The Secret Room, by Antonia Michaelis

Antonia Michaelis is the author of three YA books translated from the original German into English--Tiger Moon, Dragons of Darkness, and 2012's The Storyteller.   The Secret Room (Sky Pony Press, October, 2012) is, as far as I know, her first middle grade book to be translated.  

Achim has lived all his life in an orphanage, and he's pretty sure that, because of his asthma,  he'll never be adopted. But then Paul and Inez come, and want him to be their son.  Their own little boy died years ago.  If he had lived, he would be the same age as Achim.

In the house of Paul and Inze there is a secret room, where no room could really exist, a prison tower with strange paintings on the walls.  And in that secret room, Achim meets Arnim, his lost brother.

Arnim is trapped, unable to move beyond the tower room to fly free into what lies beyond.   To free him, Achim must become a bird, and fly to the palace of the dark and terrible Nameless One, built of stones of longing and sadness, stolen by Nameless One, and it is surrounded by trees full of caged birds, who had themselves tried and failed to free their own loved ones.

To succeed where they failed, Achim  must solve a series of riddles and conquer his fears, while navigating the dangers of the Nameless One.  Day after day, he slips through the paintings in the secret room, journeying ever closer to the answer he needs.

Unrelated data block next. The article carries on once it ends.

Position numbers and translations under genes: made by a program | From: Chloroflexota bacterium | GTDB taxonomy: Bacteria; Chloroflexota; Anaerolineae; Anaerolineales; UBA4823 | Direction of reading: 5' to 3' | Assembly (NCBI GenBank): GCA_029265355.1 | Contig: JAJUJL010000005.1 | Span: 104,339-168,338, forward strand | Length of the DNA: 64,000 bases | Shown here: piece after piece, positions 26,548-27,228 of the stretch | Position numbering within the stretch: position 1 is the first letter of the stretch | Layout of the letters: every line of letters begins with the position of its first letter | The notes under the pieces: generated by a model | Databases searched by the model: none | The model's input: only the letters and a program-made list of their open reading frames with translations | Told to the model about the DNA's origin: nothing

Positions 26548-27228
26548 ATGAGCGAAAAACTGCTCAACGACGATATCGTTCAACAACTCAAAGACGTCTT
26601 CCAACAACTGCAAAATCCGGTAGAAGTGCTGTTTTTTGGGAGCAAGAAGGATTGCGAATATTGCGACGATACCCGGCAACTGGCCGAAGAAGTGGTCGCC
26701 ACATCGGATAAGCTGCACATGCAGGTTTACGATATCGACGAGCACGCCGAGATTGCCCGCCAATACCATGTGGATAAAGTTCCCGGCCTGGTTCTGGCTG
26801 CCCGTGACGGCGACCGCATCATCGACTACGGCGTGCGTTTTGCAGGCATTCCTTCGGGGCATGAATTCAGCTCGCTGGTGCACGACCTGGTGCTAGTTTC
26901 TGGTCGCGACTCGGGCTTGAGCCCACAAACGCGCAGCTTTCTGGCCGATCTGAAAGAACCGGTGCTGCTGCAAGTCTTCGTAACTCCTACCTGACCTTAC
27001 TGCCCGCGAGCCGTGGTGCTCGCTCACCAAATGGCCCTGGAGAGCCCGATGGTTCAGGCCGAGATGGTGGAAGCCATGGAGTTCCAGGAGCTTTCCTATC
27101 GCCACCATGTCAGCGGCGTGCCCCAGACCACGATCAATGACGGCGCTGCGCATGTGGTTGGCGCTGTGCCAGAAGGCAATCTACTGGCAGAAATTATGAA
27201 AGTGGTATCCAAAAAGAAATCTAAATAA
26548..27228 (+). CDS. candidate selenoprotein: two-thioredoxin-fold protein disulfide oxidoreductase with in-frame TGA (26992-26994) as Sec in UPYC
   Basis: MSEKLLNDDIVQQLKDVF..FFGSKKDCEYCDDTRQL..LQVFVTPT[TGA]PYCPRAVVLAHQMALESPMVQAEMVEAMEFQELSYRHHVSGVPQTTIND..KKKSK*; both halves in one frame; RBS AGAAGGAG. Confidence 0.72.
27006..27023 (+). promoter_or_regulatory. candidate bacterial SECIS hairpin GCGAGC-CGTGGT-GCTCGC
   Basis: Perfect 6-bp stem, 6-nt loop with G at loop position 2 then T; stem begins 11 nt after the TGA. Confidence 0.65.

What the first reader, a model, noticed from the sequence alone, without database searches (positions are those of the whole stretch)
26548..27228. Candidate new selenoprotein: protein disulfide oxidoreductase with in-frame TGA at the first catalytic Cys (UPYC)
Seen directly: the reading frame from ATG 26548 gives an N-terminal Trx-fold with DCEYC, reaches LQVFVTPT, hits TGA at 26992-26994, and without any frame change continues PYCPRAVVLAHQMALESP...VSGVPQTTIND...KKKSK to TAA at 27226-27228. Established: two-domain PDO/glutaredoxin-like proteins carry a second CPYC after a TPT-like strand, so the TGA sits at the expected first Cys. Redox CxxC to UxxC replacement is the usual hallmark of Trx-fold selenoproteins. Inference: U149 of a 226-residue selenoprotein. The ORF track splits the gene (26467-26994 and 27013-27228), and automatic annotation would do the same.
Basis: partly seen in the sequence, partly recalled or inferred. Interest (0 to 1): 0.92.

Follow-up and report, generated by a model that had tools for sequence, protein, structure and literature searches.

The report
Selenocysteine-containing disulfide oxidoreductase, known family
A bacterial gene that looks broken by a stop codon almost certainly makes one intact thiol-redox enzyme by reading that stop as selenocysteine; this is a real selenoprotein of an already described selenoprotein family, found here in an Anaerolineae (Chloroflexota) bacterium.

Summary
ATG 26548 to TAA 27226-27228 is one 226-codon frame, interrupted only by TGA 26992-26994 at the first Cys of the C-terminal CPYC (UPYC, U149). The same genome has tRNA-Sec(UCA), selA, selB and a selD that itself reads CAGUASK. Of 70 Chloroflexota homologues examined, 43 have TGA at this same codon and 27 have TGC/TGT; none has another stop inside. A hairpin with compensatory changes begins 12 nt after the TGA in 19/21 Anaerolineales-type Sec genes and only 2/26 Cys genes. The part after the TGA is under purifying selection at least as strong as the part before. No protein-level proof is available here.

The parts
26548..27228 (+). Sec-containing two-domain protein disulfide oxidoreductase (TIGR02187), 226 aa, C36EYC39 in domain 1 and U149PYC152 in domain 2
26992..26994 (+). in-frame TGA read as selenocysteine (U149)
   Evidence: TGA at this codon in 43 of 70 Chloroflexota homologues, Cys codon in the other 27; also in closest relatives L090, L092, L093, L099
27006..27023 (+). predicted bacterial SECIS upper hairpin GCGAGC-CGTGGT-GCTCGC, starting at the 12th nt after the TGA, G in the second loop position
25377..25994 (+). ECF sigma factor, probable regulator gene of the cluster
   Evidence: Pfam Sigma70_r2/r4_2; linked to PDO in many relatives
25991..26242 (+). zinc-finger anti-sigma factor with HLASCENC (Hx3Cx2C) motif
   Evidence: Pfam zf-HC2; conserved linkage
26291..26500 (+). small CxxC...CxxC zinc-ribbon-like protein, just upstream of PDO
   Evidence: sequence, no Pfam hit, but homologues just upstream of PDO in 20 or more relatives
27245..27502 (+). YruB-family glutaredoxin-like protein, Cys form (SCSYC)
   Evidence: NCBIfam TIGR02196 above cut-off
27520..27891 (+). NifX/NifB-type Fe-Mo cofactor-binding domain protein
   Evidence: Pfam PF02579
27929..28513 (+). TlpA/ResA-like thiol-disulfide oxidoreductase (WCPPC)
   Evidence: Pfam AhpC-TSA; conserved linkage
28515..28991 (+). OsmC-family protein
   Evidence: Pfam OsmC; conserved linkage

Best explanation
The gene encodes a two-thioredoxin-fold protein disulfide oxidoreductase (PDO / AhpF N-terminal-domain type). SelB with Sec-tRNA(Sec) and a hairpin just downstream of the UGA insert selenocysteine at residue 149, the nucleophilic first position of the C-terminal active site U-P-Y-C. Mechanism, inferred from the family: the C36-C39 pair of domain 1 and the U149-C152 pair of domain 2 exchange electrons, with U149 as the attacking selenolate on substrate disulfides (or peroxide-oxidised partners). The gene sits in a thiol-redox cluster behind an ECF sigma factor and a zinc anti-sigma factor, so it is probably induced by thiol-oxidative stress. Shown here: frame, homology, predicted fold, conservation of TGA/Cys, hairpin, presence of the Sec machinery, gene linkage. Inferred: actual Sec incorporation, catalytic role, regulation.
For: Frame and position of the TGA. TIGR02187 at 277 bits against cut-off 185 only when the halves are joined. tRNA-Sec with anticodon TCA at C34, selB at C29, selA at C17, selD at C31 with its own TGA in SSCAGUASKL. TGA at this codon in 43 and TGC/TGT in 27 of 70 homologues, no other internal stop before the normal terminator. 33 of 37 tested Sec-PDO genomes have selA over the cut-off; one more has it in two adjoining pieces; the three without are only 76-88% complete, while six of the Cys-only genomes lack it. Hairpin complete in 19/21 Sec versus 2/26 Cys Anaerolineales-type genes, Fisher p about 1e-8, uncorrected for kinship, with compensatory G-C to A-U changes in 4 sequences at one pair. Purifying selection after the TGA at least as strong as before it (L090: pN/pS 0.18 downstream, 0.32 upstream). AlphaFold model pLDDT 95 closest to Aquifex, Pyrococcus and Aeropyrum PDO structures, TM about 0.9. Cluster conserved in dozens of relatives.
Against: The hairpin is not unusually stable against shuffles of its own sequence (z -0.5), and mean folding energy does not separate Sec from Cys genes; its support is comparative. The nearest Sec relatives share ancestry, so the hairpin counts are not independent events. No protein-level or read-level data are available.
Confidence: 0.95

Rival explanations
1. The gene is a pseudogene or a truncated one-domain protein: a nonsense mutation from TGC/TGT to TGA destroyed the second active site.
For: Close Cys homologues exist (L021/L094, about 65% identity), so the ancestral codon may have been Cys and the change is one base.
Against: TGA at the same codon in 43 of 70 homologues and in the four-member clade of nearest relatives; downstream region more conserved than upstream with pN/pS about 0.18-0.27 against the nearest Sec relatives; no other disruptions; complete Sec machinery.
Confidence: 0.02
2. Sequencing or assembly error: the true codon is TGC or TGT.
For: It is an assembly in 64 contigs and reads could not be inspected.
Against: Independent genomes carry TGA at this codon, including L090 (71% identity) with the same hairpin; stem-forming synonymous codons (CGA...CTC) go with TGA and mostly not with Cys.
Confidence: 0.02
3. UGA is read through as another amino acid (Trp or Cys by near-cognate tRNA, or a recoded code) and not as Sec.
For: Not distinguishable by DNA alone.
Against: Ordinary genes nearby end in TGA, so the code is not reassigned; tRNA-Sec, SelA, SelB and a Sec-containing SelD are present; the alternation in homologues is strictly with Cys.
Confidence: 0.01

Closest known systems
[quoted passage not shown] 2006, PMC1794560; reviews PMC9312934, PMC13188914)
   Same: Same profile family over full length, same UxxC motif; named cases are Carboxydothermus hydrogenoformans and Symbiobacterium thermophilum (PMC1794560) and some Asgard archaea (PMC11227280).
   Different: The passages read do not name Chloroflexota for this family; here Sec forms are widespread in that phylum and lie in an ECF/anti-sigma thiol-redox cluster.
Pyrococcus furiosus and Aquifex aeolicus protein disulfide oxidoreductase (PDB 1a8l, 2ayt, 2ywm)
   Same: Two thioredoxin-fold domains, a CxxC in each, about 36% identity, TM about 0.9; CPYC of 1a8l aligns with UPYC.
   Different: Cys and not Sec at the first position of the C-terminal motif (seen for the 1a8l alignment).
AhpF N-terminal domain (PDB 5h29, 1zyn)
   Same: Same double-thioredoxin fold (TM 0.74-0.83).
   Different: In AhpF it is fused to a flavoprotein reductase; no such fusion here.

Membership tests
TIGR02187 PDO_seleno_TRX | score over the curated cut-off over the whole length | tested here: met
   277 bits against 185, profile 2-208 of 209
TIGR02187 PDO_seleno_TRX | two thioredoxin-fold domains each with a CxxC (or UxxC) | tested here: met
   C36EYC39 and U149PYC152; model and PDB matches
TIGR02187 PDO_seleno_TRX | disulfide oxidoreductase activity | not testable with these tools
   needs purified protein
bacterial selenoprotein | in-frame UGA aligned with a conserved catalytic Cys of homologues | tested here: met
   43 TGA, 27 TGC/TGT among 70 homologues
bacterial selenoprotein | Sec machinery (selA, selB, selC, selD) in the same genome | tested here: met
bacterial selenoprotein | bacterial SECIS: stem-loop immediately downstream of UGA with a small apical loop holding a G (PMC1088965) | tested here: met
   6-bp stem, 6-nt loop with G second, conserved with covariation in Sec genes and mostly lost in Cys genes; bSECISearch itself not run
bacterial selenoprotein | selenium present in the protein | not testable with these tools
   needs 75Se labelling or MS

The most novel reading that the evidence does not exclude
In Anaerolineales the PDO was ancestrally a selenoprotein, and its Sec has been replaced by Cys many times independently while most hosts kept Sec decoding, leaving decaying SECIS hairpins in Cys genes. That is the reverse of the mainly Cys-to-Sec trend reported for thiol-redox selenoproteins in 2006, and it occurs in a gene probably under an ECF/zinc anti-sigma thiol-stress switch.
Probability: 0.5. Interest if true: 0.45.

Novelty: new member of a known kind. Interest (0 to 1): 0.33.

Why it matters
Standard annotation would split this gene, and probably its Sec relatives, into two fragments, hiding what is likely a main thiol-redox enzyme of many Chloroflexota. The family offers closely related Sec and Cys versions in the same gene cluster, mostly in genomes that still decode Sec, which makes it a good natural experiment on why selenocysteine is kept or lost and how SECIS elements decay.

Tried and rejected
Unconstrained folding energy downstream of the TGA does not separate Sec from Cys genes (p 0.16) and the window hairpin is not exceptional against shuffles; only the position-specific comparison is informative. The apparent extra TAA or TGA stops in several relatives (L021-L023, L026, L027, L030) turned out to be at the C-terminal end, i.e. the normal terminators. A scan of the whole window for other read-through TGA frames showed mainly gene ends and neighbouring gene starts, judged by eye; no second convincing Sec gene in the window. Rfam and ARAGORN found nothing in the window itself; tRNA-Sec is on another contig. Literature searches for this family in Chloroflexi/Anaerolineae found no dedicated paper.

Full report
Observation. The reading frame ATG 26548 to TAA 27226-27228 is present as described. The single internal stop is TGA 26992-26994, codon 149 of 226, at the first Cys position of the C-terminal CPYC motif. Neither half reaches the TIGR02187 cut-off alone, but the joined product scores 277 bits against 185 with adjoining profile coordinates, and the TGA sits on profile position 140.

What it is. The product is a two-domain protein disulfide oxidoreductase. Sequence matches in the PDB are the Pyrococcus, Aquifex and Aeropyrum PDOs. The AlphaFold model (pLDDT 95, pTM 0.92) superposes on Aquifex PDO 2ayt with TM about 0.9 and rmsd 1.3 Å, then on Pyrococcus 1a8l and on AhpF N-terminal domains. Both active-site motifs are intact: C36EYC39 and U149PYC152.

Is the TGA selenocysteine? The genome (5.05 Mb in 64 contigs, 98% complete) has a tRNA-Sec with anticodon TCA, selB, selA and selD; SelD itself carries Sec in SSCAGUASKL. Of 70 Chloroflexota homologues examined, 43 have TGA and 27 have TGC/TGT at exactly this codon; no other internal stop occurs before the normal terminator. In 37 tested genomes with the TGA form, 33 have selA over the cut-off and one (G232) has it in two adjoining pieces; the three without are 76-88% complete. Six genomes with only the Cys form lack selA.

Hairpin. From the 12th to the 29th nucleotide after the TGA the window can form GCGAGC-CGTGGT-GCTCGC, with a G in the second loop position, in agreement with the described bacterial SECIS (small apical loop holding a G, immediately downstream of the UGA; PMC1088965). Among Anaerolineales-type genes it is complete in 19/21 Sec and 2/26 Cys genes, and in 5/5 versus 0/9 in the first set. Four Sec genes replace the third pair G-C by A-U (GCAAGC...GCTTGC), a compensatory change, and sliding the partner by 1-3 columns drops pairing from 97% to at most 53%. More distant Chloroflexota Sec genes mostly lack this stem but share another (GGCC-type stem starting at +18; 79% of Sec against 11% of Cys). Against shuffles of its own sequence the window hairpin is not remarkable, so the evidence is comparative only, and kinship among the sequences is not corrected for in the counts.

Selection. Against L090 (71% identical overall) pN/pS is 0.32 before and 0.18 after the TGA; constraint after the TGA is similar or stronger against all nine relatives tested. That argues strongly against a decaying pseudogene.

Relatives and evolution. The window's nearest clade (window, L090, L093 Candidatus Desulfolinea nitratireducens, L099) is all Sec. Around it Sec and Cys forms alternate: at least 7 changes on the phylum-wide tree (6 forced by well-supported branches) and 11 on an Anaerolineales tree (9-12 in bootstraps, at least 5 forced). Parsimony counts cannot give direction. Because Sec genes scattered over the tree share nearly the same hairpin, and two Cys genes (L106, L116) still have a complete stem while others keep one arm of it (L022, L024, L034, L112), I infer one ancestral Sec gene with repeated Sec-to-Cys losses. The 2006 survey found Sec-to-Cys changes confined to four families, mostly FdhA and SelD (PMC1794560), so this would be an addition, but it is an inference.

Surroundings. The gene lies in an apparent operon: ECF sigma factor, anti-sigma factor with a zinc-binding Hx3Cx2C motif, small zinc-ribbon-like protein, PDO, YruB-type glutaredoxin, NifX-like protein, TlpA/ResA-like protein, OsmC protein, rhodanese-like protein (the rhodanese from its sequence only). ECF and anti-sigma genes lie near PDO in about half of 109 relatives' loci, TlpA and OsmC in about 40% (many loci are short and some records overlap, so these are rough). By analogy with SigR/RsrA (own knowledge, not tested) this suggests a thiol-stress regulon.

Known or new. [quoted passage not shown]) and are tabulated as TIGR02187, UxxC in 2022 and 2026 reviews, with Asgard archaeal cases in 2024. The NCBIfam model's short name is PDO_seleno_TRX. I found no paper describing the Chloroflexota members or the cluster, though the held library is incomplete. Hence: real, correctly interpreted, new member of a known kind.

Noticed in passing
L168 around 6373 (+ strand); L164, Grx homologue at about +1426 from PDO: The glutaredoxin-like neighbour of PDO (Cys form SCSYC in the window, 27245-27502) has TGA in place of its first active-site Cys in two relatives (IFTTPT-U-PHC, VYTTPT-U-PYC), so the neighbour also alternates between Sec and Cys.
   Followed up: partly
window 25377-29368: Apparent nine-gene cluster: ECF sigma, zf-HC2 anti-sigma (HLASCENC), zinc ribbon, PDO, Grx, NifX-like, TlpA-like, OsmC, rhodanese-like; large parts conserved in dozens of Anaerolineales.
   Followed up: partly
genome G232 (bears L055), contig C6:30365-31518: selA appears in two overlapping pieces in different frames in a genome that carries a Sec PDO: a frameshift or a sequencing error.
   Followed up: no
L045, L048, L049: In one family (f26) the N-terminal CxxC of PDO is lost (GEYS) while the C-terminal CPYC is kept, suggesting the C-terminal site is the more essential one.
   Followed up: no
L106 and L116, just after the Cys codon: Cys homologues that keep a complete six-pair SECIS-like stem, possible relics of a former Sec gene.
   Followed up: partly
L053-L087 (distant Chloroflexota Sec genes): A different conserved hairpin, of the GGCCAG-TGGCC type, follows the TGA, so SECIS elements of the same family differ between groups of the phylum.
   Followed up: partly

But it is in the real world where Achim will find what he needs to free his brother, because what is really imprisoning Arnim is grief and loss, both that of Paul and Ines, and Achim's own, barely recognized sadness that he himself lost his own parents.  As Achim, Paul, and Inez become a new family, ready to love each other, the chances that Achim can free his ghost brother grow....

So in part this book is a fantasy quest, a hero's journey through a magical realm, where he is armed only with bravery, compassion, and his wits, and the help of magical birds.  In the larger story arc, though, the fantasy elements are an extended metaphor, highlighting and complementing the truly moving poignancy of Achim's journey into a new family.

This real world side of things was tremendously worthwhile reading--my heart ached for Achim, breaking a plate and hiding it under his mattress in stress and shame, and  trying to keep his asthma a secret, in case Paul and Inez didn't want a child they had to worry about.   And my heart ached for the grown-ups, too, as they carefully try not to think too hard about the son they lost, and try to make a family with their new son.

The fantasy side of things is, up till the great confrontation at the end, somewhat dreamlike and unhurried--it might not appeal to every young reader.   Indeed, it's the sort of book that will be just right for just the right child--the introspective one, the one who loves metaphorical stories, may well love this book, find it incredibly powerful, and appreciate the rich descriptions immensely.

I don't think its for everyone, though--kids who are avid consumers of modern American fantasy might find it lacking in zippy immediacy and too surreal, and they might find Achim's very mater-of-fact narrative voice distancing.  These kids, however, might well find their interest picking up toward the end, when things start to really get going, and a knife turns into a flying horse (!) and the Nameless One attacks...